On the face of it, equity markets appeared to have a pretty good day on Wednesday. I, however, am not the slightest bit convinced the Wednesday buyer has the conviction to see this advance through to new year-to-date highs. Before I address my concerns, let's review a few bullish areas of the market.
Healthcare, biotech and consumer durable-related stocks dominated Wednesday's session. In fact, the Health Care Select Sector SPDR (XLV) and iShares Nasdaq Biotechnology ETF (IBB) both finished Wednesday's session at an all-time closing high. The Consumer Staples Select Sector (XLP) came within pennies of accomplishing the same thing. Suffice it to say, all-time highs can only be interpreted bullishly. Contrarians and bears can point to momentum divergences and questionable valuations until they're blue in the face. The bottom line is the bulls are still in complete control of this area of the market.
Select areas of the energy complex began to find their footing on Wednesday as well. I say select areas because nearly anything having to do with offshore drilling is still being sold with reckless abandon. One of the only offshore names to bounce at all on Wednesday was recent Noble (NE) spin-off Paragon Offshore (PGN). And just to be clear, up until Wednesday PGN hadn't been able to buy an uptick in the nearly seven weeks it's been a publicly traded company.
The areas of energy that managed to catch on bid on Wednesday were traditional oil service companies, select integrated stocks and a few independent oil and gas names. Rather than review a dozen different names, it'll be easier to direct your attention to the Energy Select Sector SPDR Fund (XLE) and highlight that ETF's long-legged Doji candlestick pattern.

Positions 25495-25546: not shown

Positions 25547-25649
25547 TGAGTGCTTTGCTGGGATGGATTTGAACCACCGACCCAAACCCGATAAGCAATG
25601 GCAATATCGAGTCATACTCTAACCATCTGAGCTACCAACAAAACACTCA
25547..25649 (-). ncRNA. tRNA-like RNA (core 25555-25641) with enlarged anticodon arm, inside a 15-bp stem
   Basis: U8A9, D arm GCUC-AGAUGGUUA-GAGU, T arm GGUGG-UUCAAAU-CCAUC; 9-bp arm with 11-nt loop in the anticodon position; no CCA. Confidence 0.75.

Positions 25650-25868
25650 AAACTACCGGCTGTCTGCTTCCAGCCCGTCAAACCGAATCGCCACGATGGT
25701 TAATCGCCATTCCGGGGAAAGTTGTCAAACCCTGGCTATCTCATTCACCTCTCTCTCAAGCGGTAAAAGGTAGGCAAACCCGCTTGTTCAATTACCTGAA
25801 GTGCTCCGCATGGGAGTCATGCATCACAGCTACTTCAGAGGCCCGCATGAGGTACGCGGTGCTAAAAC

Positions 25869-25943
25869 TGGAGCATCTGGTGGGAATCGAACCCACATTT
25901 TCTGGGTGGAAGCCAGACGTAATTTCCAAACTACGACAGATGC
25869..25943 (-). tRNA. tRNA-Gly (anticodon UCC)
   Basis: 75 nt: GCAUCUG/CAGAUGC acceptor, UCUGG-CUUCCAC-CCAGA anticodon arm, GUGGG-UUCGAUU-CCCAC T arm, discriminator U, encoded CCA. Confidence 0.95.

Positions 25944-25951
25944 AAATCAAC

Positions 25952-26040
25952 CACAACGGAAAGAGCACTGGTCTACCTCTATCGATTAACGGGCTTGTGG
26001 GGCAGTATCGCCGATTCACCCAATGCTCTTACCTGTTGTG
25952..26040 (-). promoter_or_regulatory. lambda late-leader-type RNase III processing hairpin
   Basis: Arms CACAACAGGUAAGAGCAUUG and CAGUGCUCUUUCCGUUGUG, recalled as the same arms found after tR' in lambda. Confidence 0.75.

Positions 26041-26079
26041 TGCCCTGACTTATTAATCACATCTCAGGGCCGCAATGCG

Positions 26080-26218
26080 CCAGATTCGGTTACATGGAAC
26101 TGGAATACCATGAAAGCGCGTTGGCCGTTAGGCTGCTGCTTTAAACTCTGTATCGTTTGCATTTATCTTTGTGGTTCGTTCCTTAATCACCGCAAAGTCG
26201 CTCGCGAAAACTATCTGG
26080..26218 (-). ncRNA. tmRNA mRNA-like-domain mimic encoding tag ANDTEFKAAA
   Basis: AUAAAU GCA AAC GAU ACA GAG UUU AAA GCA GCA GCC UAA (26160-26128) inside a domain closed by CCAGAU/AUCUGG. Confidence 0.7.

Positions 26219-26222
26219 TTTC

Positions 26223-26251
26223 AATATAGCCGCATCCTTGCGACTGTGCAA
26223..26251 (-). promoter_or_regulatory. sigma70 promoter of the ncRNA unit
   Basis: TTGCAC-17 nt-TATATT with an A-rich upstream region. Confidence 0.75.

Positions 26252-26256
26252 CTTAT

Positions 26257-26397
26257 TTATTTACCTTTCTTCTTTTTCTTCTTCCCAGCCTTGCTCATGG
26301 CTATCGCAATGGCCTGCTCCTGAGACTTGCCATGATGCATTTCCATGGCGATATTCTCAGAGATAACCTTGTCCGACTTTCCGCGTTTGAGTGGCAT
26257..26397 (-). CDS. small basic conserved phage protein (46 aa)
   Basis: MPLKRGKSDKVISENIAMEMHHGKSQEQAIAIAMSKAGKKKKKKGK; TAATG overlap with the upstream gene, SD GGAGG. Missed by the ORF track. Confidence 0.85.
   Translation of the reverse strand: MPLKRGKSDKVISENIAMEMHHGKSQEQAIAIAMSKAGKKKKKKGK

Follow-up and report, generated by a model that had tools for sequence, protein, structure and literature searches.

For those unfamiliar with the long-legged Doji pattern, it simply refers to a scenario where significant price volatility occurred during the trading session, but the session's open and close happened at roughly the same spot. When such patterns are identified in a down-trending market, the general assumption is that supply and demand are beginning to balance out. And the previously dominant group -- in this case sellers -- are beginning to lose their stranglehold on the market. The next thing oil bulls need to see is a close above the roughly two month downtrend line in Light Crude Futures and the United States Oil Fund ETF (USO).
Now for the uglier side of Wednesday's price action. The bulk of the weakness was found in the usual suspects. Anything having to do with coal, gold and silver mining or offshore drilling was blasted. But that's not all. Sustained weakness was also found in the Utilities, REITs and high-yield bond ETFfs.
Lots of attention has been paid to the weakness in small caps, but what about the REITs? In the span of 13 trading session, the iShares U.S. Real Estate ETF (IYR) has declined more than 7%.
My lack of faith in Wednesday's broad market buyer has nothing to do with the ongoing slaughter of all things mining and offshore drilling, and more to do with market breadth and overall trade location within the composite E-Mini S&P 500 volume profile.
As you can see, buyers responded (again) to prices at the bottom of our composite profile. This is perfectly normal. My complaint has to do with the fact that the Es broke balance to the upside on Sept. 18 and over the course of four trading sessions traded all that way back down to the bottom of that composite balance (1970). In my view, chasing strength into 2000 carries with it a relatively high degree of risk. As such, my inclination is to sit on my hands and stalk a short entry on any momentum reversal in and around the 1998-2001 area.
As far as breadth is concerned, it seems a bit strange to see the advance-decline line up barely more than 600 and new highs at a paltry 26 on a day where the Es advanced roughly 18 points, and closed less than 1% from a new life of contract closing high. The bottom line is I expect the intraday trading to remain volatile, and wouldn't be the slightest bit surprised to see a single session's gains reversed the very next day.
Any trading or volume profile related questions can be posted in the comments section below, emailed to me at email@example.com or posted to my twitter feed @ByrneRWS.